In 2019, Jessie Nelson was fired from their job as a server in a restaurant on BC’s sunshine coast. Two years later, in September 2021, the British Columbia Human Rights Tribunal (BCHRT) ordered their employer to pay Nelson $30,000 in damages for injury to dignity.
Nelson is trans and nonbinary, and worked at Buono Osteria in Gibsons, BC, for just over a month when they were told they were being fired without cause during their probationary period. This dismissal came just a few days after a heated discussion between Nelson and the restaurant’s bar manager, who had refused to use Nelson’s correct pronouns.
Our Times spoke with Nelson, and their lawyer, Adrienne Smith, to better understand what this win means for trans and nonbinary workers.
When Nelson was hired at Buono Osteria, they had a discussion with their manager about being a member of the trans community, and about their pronouns. The manager expressed a commitment to respecting Nelson’s identity and pronouns, though he indicated that he expected some staff might find themselves navigating a slight learning curve.
Nelson says they had no problem giving management and other staff time to learn to use the correct pronouns, and was understanding about mistakes.
“I have a lot of compassion for the imperfections of humanity,” they told Our Times in a Zoom interview. “I don't see myself as perfect, not even close. So how could I ever hold the cis community to that same standard? I have a lot of compassion for the lack of understanding and the lack of education available.”
And while some employees did respect Nelson’s pronouns — the 42-page decision even describes instances where one manager corrected staff who used the wrong pronouns — the restaurant’s bar manager did not. He deliberately misgendered Nelson, and used both gendered and inappropriate nicknames like “sweetheart” and “honey.”
Nelson asked him to stop, and to instead use their correct pronouns and name. The behaviour continued. Nelson sought support from their managers. Still, the behaviour continued. Finally, on what ended up being Nelson’s final day at work, they confronted the bar manager again, in a conversation that grew heated.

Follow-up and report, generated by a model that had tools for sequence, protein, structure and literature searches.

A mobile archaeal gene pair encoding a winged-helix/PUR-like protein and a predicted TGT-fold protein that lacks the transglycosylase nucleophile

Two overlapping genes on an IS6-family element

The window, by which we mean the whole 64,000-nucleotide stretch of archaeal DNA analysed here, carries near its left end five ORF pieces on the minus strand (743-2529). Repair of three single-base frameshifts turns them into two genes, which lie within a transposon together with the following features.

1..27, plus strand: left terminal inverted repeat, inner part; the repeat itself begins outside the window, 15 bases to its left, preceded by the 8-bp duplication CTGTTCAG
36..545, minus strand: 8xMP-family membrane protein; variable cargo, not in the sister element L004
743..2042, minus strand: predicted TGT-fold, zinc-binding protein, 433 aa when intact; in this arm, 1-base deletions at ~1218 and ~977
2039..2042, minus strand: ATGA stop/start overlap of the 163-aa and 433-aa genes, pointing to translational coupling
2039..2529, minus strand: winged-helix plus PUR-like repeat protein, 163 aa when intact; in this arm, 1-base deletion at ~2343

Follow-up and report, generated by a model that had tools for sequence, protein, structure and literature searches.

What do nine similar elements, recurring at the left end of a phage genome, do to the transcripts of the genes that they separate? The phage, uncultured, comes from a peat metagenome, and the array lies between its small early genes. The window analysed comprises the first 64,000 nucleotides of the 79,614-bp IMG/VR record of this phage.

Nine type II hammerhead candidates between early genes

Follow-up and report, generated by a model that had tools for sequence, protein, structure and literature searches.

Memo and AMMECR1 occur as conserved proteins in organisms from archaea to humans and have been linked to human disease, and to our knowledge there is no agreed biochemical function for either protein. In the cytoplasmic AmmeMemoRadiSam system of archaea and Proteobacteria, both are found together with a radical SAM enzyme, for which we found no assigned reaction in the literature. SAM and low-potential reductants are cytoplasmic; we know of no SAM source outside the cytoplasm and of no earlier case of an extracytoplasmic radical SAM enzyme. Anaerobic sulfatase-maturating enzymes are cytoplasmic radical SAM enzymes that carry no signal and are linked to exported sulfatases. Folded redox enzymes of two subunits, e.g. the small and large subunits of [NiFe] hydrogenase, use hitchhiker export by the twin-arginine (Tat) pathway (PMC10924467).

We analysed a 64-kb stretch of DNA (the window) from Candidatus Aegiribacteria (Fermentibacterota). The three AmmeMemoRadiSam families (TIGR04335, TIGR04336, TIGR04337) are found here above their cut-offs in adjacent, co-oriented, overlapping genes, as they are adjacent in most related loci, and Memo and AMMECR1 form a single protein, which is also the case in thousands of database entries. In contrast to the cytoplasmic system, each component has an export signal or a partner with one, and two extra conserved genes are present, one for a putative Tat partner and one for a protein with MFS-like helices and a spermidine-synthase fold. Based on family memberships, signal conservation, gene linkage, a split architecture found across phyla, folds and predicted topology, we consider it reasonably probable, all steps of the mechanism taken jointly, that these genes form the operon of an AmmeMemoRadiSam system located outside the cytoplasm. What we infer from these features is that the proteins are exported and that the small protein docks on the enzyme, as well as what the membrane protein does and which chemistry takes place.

Days later, (and almost exactly a month after they started working at Buono Osteria), Nelson was fired. In a phone call, one of the restaurant managers told Nelson they were too “militant” and came on “too strong, too fast,” after Nelson had pressed him for an explanation about the firing (an explanation that went beyond being terminated without cause during Nelson’s probationary period).
In March 2020, Nelson brought their case to the British Columbia Human Rights Tribunal, and in September 2021the decision was issued that Buono Osteria, managers Michael Buono and Ryan Kingsberry, and bar manager Brian Gobelle “discriminated against Jessie Nelson in their employment on the basis of their gender identity and expression, in violation of section 13 [of the Human Rights Code].”
According to the ruling issued by tribunal member Devyn Cousineau, the BCHRT ordered that Buono Osteria, Michael Buono, Ryan Kingsberry and Brian Gobelle pay Jessie Nelson $30,000 “as compensation for injury to their dignity, feelings, and self-respect.”
Additionally, Buono Osteria was ordered to add a statement to the restaurant’s employee policy, affirming employees’ right to be addressed with their correct pronouns. The restaurant was also required to administer mandatory training on human rights in the workplace for all staff and managers, within three months of the decision.
“Jessie got a substantial injury to dignity award, not because they were misgendered but because they were fired for insisting on not being misgendered,” explains Nelson’s lawyer, Adrienne Smith. “They stood up for their rights, and the employer retaliated, and that's not okay. There was not a finding of retaliation. But deciding that you're going to terminate people because their identity is inconvenient is illegal.”
Setting a precedent for the trans community
“I'm so proud,” says Nelson, “that there's something that, tomorrow, if a trans person needed this, they could Google search ‘trans rights’ or ‘trans law,’ and likely my case would come up, and they could print that out and take it to their employer and be like, ‘You need to stop. I'm protected. Don't go any further.’”